Commercial bank loans can be a life-saver for most businesses that are in need of working capital. Borrowed funds can provide the necessary cash for business growth or cash flow shortages. Banks and other financial lenders provide useful commercial loans, but owners must be aware of the personal legal implications in case of bankruptcy or insolvency.
Most commercial loans are obtained in the name of your company, but there’s still some ambiguity about the personal liability for all the parties involved. There’s a difference between debts that you owe as a personal owner and those your company is liable for.
Many business owners worry that the bank might see them as personally liable, which might be a deal breaker for them. Personal risk can keep small business owners from getting a loan. If you’re a business owner looking for a commercial bank loan, you need to know the personal liability these loans pose.
If you are personally liable, the creditors can often sue you in case of default. Most banks and financial lenders only loan funds to an entrepreneur if they provide a personal guarantee. The personal guarantee clause means that in case your business fails to cover the debts of the creditors, you as a guarantor, would be liable to cover those expenses. This simply means that the creditors can sue you to get the money that is owed to them by your company.
Limited Liability Corporation
If you are a business owner and need cash for your business, it’s likely you’re considering getting a commercial bank loan. The entity that you state as the one obtaining the loan can make a huge difference to what happens in case of any future default payments. If you take a loan in the name of a limited liability corporation (LLC), your personal assets are safer than if you borrowed in your own personal name.
If you obtain a loan solely as a legal corporation, it’s understood that the company and its owners are separate legal entities. Corporate shareholders are not liable for those debts that the company incurs. Creditors won’t be able to sue you personally for company debts. This remains true in the cases where corporations aren’t able to pay the money back. Even if the corporation fails to cover the cost of their debts, shareholders are safe from any form of legal action. Only the corporation is liable to pay the damages.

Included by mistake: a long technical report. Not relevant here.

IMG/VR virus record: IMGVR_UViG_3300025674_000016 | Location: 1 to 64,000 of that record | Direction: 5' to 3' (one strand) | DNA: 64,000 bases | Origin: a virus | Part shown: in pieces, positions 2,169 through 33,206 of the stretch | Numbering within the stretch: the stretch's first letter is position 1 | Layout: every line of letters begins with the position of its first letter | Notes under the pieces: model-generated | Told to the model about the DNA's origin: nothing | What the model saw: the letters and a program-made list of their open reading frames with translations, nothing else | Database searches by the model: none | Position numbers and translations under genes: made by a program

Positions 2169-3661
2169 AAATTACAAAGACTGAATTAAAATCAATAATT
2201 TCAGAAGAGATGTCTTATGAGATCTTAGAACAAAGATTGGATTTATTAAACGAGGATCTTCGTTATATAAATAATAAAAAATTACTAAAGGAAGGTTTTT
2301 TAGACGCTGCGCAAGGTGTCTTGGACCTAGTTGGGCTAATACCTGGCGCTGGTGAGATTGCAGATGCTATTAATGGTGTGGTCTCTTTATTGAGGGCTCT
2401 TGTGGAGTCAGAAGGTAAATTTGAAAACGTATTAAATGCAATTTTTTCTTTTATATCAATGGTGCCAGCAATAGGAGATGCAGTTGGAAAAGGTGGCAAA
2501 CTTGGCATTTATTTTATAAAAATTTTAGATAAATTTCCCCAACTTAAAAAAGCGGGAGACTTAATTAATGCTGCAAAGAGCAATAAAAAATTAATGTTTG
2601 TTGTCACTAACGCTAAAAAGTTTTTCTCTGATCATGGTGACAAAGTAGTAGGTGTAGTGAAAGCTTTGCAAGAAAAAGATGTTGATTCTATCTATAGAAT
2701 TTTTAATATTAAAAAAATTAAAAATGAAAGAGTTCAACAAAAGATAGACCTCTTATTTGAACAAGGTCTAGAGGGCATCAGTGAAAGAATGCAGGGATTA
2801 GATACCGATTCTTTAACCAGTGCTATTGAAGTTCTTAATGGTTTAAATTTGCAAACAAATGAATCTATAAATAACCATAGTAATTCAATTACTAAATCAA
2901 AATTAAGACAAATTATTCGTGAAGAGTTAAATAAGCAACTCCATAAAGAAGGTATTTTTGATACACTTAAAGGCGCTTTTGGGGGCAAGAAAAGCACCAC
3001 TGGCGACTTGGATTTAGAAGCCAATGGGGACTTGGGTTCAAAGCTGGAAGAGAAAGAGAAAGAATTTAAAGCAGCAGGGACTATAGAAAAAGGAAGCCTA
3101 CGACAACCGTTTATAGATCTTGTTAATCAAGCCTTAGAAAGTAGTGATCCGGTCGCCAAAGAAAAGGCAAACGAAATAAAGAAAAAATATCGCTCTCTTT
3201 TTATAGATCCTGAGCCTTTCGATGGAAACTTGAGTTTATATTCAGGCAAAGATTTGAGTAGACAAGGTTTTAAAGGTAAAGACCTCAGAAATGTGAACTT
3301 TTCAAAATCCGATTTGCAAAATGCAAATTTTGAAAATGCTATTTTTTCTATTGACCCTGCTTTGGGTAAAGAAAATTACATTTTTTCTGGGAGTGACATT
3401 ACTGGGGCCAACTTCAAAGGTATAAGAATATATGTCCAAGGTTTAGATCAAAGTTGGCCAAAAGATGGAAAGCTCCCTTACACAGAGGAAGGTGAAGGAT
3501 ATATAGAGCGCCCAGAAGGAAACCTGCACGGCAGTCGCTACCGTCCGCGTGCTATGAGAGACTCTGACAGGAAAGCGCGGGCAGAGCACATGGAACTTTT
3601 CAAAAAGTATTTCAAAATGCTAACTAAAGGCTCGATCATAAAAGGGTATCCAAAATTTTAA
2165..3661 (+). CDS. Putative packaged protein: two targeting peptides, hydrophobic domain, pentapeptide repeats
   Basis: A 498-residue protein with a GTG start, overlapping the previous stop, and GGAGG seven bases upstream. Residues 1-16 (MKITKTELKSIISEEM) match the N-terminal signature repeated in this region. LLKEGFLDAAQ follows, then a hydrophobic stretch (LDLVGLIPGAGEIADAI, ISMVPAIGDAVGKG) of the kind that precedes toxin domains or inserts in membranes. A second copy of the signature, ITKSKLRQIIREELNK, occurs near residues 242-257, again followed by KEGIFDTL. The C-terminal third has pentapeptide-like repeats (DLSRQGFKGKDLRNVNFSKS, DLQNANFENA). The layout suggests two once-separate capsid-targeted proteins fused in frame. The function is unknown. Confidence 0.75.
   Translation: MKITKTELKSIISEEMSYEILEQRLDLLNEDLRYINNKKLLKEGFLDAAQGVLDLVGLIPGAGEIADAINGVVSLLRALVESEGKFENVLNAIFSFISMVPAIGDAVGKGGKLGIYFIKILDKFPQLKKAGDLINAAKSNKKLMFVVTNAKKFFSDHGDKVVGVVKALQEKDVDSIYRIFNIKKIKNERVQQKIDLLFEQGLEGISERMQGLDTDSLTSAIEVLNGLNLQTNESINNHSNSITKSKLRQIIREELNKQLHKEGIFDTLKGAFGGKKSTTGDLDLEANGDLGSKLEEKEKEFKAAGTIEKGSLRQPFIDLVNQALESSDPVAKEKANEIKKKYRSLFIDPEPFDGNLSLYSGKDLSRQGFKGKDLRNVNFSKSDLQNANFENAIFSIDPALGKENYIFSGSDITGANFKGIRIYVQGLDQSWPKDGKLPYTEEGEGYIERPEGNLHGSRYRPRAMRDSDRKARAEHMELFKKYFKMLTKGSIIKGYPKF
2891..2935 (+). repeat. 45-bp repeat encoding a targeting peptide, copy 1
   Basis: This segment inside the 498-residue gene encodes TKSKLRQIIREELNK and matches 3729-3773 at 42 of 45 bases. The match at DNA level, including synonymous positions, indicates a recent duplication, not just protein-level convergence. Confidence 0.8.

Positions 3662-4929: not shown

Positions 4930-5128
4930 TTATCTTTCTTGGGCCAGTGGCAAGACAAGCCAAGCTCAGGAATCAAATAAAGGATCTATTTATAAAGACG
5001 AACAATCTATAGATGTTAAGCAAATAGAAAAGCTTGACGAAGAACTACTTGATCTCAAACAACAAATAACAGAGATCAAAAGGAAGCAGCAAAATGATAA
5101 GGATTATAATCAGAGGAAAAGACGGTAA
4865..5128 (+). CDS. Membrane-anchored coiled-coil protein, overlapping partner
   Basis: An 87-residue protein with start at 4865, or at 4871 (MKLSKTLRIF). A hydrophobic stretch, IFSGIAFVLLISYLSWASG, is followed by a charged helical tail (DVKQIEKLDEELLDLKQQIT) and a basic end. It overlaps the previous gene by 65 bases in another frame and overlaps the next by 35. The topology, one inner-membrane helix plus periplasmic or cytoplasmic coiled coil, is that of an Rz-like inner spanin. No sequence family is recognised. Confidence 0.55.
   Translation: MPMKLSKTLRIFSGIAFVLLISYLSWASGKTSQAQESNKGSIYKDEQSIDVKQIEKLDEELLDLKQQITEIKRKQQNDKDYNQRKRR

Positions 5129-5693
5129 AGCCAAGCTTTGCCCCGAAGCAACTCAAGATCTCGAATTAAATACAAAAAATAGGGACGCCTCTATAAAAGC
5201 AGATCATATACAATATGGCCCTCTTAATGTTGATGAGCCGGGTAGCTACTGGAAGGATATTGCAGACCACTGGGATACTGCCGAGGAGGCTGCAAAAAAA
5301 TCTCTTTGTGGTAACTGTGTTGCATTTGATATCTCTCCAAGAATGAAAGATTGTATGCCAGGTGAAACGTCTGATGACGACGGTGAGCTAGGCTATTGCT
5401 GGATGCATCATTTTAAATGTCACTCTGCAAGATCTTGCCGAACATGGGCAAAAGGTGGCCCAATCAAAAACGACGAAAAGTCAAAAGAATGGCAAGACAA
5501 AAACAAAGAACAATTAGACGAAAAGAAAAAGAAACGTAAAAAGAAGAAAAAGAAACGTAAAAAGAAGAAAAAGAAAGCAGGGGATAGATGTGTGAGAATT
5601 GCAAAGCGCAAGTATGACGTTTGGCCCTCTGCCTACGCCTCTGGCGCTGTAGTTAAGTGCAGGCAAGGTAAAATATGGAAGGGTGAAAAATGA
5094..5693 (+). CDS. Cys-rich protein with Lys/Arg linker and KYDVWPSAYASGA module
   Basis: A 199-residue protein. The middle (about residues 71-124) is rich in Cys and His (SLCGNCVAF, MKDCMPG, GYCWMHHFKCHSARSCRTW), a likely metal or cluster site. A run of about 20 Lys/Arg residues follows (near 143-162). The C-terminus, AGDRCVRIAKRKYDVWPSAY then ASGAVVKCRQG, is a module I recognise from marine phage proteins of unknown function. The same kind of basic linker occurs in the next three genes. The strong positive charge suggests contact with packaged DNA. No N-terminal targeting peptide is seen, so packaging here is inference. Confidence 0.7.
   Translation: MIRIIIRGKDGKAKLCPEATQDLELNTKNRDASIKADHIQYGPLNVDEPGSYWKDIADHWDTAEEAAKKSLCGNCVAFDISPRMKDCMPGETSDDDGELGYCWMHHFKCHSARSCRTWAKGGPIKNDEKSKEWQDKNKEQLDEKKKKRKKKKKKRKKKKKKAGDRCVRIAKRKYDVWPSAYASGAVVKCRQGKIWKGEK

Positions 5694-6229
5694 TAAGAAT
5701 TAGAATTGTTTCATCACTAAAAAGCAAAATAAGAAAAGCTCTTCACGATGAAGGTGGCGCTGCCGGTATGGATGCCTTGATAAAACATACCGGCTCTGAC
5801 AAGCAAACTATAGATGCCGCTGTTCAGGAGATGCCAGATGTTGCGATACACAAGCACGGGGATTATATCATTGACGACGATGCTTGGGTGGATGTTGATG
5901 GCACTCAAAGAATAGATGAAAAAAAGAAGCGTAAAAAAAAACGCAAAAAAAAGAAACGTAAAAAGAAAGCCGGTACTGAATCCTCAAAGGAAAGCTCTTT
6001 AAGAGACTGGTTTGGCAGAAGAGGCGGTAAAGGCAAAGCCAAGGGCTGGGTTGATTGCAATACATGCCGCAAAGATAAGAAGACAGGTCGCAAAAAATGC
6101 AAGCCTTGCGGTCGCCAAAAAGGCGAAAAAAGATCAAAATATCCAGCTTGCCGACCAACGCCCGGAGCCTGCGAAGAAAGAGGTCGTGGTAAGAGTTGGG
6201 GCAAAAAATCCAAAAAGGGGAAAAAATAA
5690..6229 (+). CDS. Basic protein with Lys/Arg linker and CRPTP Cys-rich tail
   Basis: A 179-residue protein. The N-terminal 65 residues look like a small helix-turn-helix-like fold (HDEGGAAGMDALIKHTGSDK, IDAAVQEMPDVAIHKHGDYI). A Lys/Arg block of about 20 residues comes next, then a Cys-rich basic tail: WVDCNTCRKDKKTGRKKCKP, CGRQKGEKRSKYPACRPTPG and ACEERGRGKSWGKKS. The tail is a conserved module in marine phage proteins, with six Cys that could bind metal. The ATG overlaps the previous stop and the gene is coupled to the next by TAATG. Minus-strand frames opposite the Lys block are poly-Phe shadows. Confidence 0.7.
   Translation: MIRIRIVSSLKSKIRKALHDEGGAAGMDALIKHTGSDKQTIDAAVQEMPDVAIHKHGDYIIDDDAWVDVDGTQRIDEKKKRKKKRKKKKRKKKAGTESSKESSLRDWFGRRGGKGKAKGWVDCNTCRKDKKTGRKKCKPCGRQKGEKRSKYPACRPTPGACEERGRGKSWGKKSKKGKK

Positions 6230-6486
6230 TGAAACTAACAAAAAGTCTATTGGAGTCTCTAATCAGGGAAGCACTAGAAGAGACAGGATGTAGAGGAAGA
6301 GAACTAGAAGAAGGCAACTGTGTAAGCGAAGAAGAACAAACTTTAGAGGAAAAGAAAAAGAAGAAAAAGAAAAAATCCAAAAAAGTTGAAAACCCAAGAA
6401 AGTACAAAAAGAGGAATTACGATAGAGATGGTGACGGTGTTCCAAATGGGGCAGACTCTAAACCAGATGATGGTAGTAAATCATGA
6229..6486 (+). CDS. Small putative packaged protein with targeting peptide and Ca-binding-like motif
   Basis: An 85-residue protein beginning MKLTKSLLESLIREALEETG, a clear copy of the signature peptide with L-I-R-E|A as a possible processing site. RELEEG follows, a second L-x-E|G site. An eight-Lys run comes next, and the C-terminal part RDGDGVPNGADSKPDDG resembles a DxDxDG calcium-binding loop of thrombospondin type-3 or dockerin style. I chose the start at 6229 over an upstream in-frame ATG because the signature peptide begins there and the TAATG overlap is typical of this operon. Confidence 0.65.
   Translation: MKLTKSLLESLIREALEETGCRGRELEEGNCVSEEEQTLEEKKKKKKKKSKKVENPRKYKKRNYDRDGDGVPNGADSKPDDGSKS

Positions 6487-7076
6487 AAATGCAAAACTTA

For most small businesses, getting a commercial bank loan is difficult. The business might not be stable enough to warrant a safe risk for the bank, and hence the loan request is declined. Some banks have strict lending policies that require a history of profits and a strong balance sheet. For these reasons, many small businesses don’t qualify for a traditional bank loan.
If your company doesn’t meet loan requirements on its own, banks may require you sign a personal guarantee to use your personal property as additional collateral for the loan. A personal guarantee makes the owner of the business personally liable for unpaid debts of the company. It gives the bank claims on personal property such as bank accounts and real estate.
The bank can recover personal assets as a form of payment in a bankruptcy. If your company fails to comply with the conditions of your contract, these items would legally belong to the bank. The lender and other creditors can sue you and the collateral item would be foreclosed to repay the debts.
There are some private money lenders that will grant a business loan without a personal guarantee. However, there is a catch there. They might be able to provide you with the money, but they tend to charge more interest. Since an integral part of the contract is missing, most private lenders can help businesses in need and provide the funds they need, but the higher interest cost might discourage some business owners.
Now that you know about the clauses of the contracts and the personal liability that comes with it, it’s also important to know what will happen in case you lie. It’s important to proceed with complete honesty when you apply for a loan because in case you are caught lying or deliberately misleading the financial institution, you will be liable to pay for the debts of the company and you can be charged with fraud.
There’s a high risk of personal liability when it comes to small business bank loans. That’s the reason businesses turn to factoring companies for working capital. Want to know more? Contact Mazon Associates!